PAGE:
The Gates takes its name from the 2005 project in which the artists Christo and Jean-Claude lined the paths of Central Park in Manhattan with orange portals draped with orange fabric. The event, which drew thousands of tourists to the park in February of that year, is ably filmed by the artists' friend and collaborator, Albert Maysles (Gimme Shelter, Grey Gardens).
There are some wonderful cinematic moments in the documentary, which spends far too much time heroising the pair as they battle officials and critics who are made to seem dense and uncomprehending.
Despite the huge popularity of the Gates when it was in place - and the popularity of the drawings and photos of the project, which earn the artists their livelihood - the natural home for this film is cable television, for which its audience should be strong around the world. As the latest instalment of Maysles's 30-year Christo chronicle, it is sure to have strong home video demand.
The Gates begins, appropriately, with a press conference from 1979, when wrap-artist Christo and his then-uncredited wife, Jeanne-Claude, first proposed creative 'rivers' of gates in Central Park.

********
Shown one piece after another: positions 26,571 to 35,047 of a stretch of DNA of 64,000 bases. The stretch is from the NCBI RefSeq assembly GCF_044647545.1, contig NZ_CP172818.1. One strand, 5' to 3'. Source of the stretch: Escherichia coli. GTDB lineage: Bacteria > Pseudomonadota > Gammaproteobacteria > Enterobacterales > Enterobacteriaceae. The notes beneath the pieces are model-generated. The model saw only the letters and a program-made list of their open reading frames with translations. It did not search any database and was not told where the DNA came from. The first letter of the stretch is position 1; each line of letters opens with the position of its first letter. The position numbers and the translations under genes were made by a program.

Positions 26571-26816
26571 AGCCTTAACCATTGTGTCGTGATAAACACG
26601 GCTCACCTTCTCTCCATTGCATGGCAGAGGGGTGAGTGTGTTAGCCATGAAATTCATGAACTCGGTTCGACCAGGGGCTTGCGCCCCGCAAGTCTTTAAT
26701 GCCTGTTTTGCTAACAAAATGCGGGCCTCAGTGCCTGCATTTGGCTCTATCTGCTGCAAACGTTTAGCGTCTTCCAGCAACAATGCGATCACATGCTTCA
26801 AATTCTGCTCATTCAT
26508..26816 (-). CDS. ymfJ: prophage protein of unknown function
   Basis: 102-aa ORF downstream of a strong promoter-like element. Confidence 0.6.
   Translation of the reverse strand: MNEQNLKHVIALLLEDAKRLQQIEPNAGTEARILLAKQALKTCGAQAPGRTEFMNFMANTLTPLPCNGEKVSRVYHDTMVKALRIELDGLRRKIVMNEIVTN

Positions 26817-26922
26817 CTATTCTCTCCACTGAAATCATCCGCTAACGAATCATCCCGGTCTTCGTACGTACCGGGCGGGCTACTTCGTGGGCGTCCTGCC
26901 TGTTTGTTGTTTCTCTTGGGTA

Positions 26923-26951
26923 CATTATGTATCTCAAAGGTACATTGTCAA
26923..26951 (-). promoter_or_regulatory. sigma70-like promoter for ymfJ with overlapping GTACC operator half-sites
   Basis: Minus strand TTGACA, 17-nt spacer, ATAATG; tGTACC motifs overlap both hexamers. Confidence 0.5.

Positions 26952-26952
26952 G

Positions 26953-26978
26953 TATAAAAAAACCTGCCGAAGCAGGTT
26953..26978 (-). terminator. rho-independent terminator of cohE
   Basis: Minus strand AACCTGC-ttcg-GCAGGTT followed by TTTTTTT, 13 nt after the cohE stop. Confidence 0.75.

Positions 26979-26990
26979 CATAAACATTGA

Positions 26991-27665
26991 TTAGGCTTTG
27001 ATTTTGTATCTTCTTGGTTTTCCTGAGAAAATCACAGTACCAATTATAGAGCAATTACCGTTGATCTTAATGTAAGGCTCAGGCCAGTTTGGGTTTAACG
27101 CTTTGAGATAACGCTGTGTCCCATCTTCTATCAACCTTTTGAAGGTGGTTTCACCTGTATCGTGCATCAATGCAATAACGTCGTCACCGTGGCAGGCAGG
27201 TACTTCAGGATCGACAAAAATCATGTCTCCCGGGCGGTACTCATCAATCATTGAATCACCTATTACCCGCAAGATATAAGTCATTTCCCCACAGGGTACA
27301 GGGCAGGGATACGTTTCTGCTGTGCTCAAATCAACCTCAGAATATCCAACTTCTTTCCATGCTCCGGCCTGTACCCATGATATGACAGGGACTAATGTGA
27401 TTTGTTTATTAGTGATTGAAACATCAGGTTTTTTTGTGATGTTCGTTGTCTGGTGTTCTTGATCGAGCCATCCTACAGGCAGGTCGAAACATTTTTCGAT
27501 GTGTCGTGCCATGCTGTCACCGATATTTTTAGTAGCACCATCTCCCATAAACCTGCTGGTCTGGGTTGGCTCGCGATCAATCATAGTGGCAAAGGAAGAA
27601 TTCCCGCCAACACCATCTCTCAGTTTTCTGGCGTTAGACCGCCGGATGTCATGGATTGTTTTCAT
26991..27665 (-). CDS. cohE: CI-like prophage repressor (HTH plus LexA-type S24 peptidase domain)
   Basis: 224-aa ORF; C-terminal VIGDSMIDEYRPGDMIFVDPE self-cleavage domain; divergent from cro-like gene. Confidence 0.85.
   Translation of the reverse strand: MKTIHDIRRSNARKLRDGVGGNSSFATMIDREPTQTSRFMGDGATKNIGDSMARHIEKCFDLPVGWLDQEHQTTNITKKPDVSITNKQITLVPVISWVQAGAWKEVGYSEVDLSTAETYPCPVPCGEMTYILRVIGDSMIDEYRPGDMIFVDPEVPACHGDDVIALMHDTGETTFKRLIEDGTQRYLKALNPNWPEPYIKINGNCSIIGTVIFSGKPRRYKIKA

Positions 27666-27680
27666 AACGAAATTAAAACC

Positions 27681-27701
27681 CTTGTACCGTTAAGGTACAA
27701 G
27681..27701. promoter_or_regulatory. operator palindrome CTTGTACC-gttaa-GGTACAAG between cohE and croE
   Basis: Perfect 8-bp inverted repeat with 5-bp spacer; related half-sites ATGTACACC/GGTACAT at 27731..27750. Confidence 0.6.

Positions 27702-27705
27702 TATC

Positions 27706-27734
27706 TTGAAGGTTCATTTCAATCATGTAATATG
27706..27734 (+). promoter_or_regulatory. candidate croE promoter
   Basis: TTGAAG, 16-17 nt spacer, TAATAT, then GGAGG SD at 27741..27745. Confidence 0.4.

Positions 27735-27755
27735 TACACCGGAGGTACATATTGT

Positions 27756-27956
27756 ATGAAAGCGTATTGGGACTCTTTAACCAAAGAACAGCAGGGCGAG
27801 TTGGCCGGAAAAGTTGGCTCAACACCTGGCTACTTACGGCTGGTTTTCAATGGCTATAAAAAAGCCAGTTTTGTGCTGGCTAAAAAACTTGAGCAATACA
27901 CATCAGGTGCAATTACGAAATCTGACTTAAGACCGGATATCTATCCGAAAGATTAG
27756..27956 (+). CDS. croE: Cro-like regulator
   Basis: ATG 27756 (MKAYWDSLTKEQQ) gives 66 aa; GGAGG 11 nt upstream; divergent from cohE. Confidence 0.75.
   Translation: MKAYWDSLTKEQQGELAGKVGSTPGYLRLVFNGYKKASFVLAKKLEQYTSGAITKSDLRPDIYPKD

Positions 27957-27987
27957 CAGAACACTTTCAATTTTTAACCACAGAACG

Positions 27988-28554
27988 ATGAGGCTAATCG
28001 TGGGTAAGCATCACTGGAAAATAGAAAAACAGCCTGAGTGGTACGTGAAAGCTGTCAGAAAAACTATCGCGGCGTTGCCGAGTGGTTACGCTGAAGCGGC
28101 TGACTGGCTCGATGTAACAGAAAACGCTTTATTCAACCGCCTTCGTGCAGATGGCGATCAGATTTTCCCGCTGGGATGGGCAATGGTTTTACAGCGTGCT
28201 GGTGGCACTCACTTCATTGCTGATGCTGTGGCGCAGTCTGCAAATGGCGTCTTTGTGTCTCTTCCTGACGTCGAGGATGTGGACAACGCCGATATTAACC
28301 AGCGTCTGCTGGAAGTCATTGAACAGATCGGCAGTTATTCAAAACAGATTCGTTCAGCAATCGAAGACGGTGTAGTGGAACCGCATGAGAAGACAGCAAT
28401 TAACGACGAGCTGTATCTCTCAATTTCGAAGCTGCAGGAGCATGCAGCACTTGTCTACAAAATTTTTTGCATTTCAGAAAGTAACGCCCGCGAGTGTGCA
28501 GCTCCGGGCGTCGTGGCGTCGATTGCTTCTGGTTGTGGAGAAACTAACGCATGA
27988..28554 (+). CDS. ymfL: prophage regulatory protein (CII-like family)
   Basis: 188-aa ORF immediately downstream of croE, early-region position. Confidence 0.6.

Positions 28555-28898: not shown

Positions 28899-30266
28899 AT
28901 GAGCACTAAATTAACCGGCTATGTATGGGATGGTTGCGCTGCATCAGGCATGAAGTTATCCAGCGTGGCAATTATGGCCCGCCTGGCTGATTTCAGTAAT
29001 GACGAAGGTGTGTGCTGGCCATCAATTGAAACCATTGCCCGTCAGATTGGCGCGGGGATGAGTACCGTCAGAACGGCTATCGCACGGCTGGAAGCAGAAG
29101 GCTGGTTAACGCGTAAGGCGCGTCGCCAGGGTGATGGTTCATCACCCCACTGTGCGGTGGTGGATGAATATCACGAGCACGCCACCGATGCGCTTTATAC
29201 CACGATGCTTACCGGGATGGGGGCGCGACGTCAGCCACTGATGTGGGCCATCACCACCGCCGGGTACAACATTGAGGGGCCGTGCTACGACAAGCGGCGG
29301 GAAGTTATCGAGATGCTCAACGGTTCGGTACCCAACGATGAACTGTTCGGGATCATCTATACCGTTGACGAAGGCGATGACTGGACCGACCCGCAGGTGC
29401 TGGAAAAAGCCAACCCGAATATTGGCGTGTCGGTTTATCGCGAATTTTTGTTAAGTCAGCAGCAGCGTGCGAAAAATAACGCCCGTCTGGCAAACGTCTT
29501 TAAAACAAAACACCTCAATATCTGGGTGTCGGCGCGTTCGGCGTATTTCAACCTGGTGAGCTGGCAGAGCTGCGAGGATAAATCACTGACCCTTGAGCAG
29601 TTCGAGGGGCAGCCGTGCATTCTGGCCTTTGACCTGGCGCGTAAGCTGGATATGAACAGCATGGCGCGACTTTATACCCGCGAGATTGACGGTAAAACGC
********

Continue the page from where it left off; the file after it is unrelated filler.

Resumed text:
At the time, the gates were to have been dug into the ground, and were rejected by the Parks Department as a dangerous intrusion into the park designed by Frederick Law Olmstead in 1858. The artists were allowed to construct a modified version of that project with more than 7,000 gates in 2005 thanks to Mayor Michael Bloomberg, who gets plenty of screen time.
The film includes footage of the failed campaign in the 1980s - some of it shot by Albert Maysles' late brother, David - as it follows the Christos to meeting after meeting, then watches them organise construction of the Gates like a military campaign.
Critics, and there are many, view the Christos as hucksters of expensive branded outdoor entertainment. Yet The Gates is more of a Christo infomercial than an investigative documentary. If you're looking for the politics behind the decision to permit The Gates, or seeking more than the public face of the fierce Christo campaign to build it, look elsewhere.
Yet Albert Maysles is a gifted movie-maker and still photographer, and his co-director, Antonio Ferrera, brings a dreaminess to images of the park with enraptured New Yorkers filing through it in winter.
Maysles' job here was to applaud the Christos and document the park festooned in orange, yet certain views of its trees covered with snow or dripping with rain are as elegantly composed as the best landscape photography today. You find yourself thinking that it's a pity the orange drapery got in the way so much of the time.
Maureen A Ryan